Esports team managers have the interesting role of acting with both the team’s CEO on the business side and the coaches on the player side. They have a lot of important responsibilities and have to do a lot of work up and down the chain of command.
In this article, we will dive into how to become an esports team manager, what esports team managers do and how much an esports team manager makes.
How to Become an Esports Team Manager?
To become an esports team manager, you must:
- Determine If Managing is Right For You
- Apply to Manage a Grassroots Team or Create a New Team
- Build Experience Managing a Grassroots Team
- Step Out of Your Comfort Zone
- Attend Networking Events and Reach Out to Esports Teams
- Create, Update or Modify Your Resume For Esports and Management
- Apply to Professional Esports Teams For an Entry-Level Position
- Work Hard to Climb the Ladder or Transition to Another Company as an Esports Manager
These are the steps for becoming a professional esports team manager.
In order to become an esports team manager, you must get experience as a manager for volunteer teams, network with established esports teams, apply for an entry-level job at an esports team and get promoted to management.
The two main caveats to the steps above is if your volunteer esports team starts to become profitable, you can simply stick with that esports team and start making money through your salary there.
Additionally, instead of getting promoted, you may be able to find another team hiring a manager and you can fit that role considering your previous experience as an esports team manager for a grassroots organization.
That said, for the last option I gave, you still need to apply to an entry-level esports team position. No team will actually give a job to a student who only has the grassroots-level experience and has never worked for a legit esports team before.
Getting an entry-level position will be key to jump into a management position assuming you don’t join a startup that scales up enough for you to work there.
1. Determine If Managing is Right For You
Firstly, you’ll need to determine if a management position is right for you. Below in this article, I talk about exactly what an esports team manager does and his responsibilities.
In short, an esports team manager has to act in the best interests of his assigned players, deal with contracts, scout and interview players, deal with sponsor relations, manage coaches and report to the CEO and/or team owner.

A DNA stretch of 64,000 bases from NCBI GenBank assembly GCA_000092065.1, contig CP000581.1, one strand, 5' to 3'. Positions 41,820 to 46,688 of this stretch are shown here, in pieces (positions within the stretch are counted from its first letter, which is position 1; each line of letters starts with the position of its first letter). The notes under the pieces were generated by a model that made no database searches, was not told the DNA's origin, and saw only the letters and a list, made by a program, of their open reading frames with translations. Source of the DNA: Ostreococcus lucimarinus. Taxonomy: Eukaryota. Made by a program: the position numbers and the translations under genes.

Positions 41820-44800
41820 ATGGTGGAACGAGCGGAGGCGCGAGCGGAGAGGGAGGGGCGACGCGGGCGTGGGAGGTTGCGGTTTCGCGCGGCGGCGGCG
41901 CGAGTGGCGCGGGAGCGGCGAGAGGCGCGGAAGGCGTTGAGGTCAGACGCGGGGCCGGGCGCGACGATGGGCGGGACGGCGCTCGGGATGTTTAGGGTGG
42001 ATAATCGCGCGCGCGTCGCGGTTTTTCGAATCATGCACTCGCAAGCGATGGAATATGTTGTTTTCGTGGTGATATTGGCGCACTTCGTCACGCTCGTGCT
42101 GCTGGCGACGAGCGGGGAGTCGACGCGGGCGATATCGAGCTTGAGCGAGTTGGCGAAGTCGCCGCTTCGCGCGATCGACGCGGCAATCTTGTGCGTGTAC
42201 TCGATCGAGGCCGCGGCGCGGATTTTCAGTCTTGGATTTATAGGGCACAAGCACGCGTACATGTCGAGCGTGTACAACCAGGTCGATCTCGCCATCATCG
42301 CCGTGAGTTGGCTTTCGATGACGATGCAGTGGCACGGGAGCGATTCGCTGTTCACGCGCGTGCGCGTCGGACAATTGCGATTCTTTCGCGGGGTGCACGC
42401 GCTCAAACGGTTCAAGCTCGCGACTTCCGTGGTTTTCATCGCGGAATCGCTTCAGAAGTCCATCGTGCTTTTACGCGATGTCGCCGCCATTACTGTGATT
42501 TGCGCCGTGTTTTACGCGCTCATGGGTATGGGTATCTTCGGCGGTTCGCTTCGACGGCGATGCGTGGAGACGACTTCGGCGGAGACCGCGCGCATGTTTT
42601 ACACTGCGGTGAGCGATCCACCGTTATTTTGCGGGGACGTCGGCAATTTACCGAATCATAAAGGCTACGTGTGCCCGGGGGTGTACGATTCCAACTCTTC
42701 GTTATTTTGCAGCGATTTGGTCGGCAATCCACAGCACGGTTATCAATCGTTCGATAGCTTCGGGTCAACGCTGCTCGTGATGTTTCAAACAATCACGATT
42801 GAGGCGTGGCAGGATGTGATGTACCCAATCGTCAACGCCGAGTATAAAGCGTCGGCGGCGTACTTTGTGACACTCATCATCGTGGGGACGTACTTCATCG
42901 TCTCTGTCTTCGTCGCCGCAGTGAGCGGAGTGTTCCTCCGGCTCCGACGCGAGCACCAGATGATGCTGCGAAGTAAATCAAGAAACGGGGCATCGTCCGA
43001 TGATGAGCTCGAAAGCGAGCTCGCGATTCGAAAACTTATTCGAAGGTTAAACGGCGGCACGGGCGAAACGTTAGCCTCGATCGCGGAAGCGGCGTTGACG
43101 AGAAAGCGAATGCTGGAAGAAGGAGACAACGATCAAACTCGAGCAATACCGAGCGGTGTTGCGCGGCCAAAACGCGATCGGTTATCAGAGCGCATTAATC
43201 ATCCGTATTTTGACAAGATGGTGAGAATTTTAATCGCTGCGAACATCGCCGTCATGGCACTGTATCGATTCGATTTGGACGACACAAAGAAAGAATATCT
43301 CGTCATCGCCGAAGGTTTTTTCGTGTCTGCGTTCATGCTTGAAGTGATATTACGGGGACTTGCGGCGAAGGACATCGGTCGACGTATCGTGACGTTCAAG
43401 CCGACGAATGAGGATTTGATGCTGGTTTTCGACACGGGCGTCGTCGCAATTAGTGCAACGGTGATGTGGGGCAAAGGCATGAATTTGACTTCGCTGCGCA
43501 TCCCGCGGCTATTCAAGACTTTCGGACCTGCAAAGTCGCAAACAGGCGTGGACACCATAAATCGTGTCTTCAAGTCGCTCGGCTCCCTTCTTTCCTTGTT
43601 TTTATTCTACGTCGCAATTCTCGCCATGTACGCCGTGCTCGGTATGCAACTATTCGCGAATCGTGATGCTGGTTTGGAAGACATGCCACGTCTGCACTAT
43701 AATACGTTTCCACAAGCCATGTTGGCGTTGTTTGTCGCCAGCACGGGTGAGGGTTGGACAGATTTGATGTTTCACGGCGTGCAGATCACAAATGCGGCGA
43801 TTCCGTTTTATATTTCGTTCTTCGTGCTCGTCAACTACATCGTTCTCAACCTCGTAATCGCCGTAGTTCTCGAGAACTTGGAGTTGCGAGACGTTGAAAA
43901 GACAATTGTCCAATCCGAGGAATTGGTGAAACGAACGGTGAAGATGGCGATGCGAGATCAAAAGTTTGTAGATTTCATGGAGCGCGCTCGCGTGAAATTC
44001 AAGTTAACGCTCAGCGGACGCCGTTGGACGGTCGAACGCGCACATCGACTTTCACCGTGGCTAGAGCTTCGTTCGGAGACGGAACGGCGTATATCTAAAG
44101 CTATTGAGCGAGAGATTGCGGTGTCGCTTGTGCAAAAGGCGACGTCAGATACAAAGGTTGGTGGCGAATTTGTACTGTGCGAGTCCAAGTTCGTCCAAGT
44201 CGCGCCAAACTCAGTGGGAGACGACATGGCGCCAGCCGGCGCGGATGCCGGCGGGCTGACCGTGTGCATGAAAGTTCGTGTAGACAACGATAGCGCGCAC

You are a leader and being led. You are dealing with players enough to have to be comfortable with them as the coach, but you are also doing a lot of the business-side work like the CEO.
The title is more so the management of the coaches and players while lining up opportunities on the business side that is more mundane.
You need to ask yourself is this really what you want to do? Would you prefer only specifically working with the players and being something such as a coach and improving their performance? Or maybe you want to focus primarily on business development as a business development manager or a CEO.
Managers have a lot of the heavy lifting to do and it care be tiring but also exciting. Determine if this is seriously the path you want to go down.
2. Apply to Manage a Grassroots Team or Create a New Team
Okay. So you know to become an esports manager is what you want to do. Now it’s time to make it happen.
Before you can actually get a job in esports, you need some form of experience. In the case of knowing our end goal is becoming a manager, you want to take on a grassroots management position.
That said, don’t expect to get anything other than an entry-level position upon getting your first job. Becoming a manager is a slow process, it will take a bit of time. But trust the process and grow your way there.
To become a grassroots manager, you either need to create your own esports team or join a pre-established one.
To create your own esports team, I recommend reading my article Step-by-Step Guide on How to Start an Esports Team, as it goes in-depth on the topic.
For how to get a grassroots job position, I recommend you read my guide 5 Things You NEED to Do to Get a Job in Esports, where a segment of it breaks down how to land yourself a grassroots position. Quick examples of doing that are by going to sites like hitmarker.com, eFuse or r/esportsjobs.
3. Build Experience Managing a Grassroots Team
Let’s assume you applied and landed your position. Now it’s time to actually manage the esports team. I recommend you read below the steps where I break down what an esports manager does and provide a few times, mindsets and books worth reading for any aspiring esports professionals.
To give a really quick overview, you will need to do hazard management, register for tournaments